Music has a way of impacting people in the largest ways with just a small amount of effort. A single piano note or a melody held by a choir can evoke strong emotion from an audience. Music is powerful, it is ubiquitous and something every person can identify with -- regardless of language barriers. When we listen to music, it is processed in many different parts of our brain. It helps to improve memory and strengthen overall senses. Listening to music helps enhance skills like reading, emotional intelligence and mathematical abilities. Research has shown strong correlation between music engagement and improvement in scores on math tests in children. OK, that was a lot of information! I realize your eyes may be starting to glaze over by now, but I promise -- there's a reason to keep reading.
Unless you've been living under a rock, you probably heard about Kwasi Enin. He is the 17-year-old Long Island high school student who was accepted to all EIGHT Ivy League colleges, wowing admissions offices (and everyone all over the world) with his essay on how his love of music sparked his intellectual curiosity. "I directly developed my capacity to think creatively around problems due to the infinite possibilities in music," wrote Enin, who has played the viola for nine years. What amazed me the most about his story is that he actually wants to become a medical professional in the future and study medicine in college -- something we might think of as vastly different from a career in music. But the beauty of music is that it is a platform for many opportunities. It enhances a number of skills, and mainly, I believe, that it allows people to dream big.
So, how do we make sure that music continues to help our youth around the world believe in infinite possibilities? How do we make sure that kids just don't select the easy route, but instead, opt for unique musical opportunities that expand their horizons?
Aiming to help fill the world with more students like Enin, who yearn to utilize the power of music to help them excel, Music Unites continues its mission to spread music education -- with the support of for-profit enterprises such as, ContentMode (who are truly rock stars) and The Music Building (more on them later). With their help, we were able to provide an evening of awareness, music and philanthropy. The fundraiser was held at The Griffin N.Y.C., and guests enjoyed a performance by Music Unites' exuberant PS 153 choir with The Bravery's Michael Zakarin. If you have not yet had the pleasure of getting to know Mr. Zakarin and his music, you should. Born and bred in N.Y.C., he was fortunate to have music classes offered in his school, and this "early exposure to music education had helped to bring passion and discipline to every area of my life," says Zakarin. "For this reason, it makes me so happy to see what Music Unites is doing for at-risk children who wouldn't otherwise have access to music education."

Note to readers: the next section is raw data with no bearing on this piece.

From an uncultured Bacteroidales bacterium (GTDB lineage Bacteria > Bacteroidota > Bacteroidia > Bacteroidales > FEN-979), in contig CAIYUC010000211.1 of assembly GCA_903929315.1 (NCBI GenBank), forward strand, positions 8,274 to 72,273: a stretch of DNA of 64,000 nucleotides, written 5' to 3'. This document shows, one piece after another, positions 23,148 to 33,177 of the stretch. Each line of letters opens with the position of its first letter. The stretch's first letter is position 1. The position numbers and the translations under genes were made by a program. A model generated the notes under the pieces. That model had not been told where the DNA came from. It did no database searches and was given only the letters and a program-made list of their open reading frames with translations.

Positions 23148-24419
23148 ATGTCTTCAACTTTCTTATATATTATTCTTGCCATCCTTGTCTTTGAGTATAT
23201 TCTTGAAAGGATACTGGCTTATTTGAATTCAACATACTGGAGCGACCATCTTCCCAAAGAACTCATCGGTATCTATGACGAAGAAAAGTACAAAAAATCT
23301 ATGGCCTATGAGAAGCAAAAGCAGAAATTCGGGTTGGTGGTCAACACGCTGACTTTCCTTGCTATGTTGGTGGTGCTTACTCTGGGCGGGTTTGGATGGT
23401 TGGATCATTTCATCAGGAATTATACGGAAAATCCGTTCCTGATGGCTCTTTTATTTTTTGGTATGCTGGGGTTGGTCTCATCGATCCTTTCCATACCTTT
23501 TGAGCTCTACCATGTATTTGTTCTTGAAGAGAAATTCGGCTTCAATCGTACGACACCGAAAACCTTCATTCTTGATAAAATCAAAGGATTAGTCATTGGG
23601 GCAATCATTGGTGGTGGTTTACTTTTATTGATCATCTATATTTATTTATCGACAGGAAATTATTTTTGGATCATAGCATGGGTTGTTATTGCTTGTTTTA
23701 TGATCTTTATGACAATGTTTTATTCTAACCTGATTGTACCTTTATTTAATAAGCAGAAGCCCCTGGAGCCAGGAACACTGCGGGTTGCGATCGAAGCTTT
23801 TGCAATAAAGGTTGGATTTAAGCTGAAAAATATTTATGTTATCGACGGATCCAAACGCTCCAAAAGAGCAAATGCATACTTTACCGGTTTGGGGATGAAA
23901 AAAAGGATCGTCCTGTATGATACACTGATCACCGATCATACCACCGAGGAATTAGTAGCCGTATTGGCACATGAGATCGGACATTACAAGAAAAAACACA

The highlight of the evening was a heart-warming cover of The Bravery's song "Believe" by the young choir students. The money raised from the evening's fundraiser supports our programs, providing students with real musical opportunities, instrumental lessons, choir rehearsals and exposure to mentors for a substantial portion of a year. While it's a great feather in our cap, it's not just about Music Unites. It was really the combined passion of a few dedicated organizations, in addition to some extremely talented children (who grasped the attention of the audience from the get-go), that inspired people to attend the event and contribute to the evening. This is what needs to happen continuously around the world! We, as a community who cares about music and the wonderful gifts it provides for others, should strive to combine forces more often.
Take a cue from our powerhouse fundraiser sponsor, The Music Building. They're a big deal -- providing rehearsal space for the likes of Madonna and Interpol. One would think that they wouldn't have the desire to dedicate time to education. But it is precisely the opposite. Their extraordinary commitment to music extends far beyond the scope of just the for-profit realm. The impact of seeing The Music Building's sponsorship translate into empowerment of Music Unites' students is truly humbling. Their interest and involvement in shaping futures for these children is of the utmost importance. Events like these are how we galvanize companies to invest in youth.
"Music is one of the most powerful forms of self-expression there is, and along with that, it is a source of hope and joy and dreams for those who listen to it and equally important, those who make it," says Roget Lerner, Chief Catalyst of The Music Building. "Music education is a critical element in the lives of children and young adults and we look forward to helping Music Unites continue doing what they are already doing so well: making this world a better place."
Isn't that what it's all about? Whether you become a mega icon like Madonna or Beyonce, or utilize your affinity for musicality in other ways, like Kwasi Enin wants to do by becoming a doctor, we need to make sure that whatever your dream is, you can achieve it. And if music has the ability to open up the minds of our youth, expand their creative thinking and enhance their senses, why wouldn't we want to encourage that and ensure that the future of music education remains in the forefront of our institutions? All it takes are simple, consistent actions from each one of us to make it happen. As we say: Music empowers, music inspires, music unites. And in the words of our Artist Ambassador, Swizz Beatz, with music, "The sky is not the limit, it's just the view."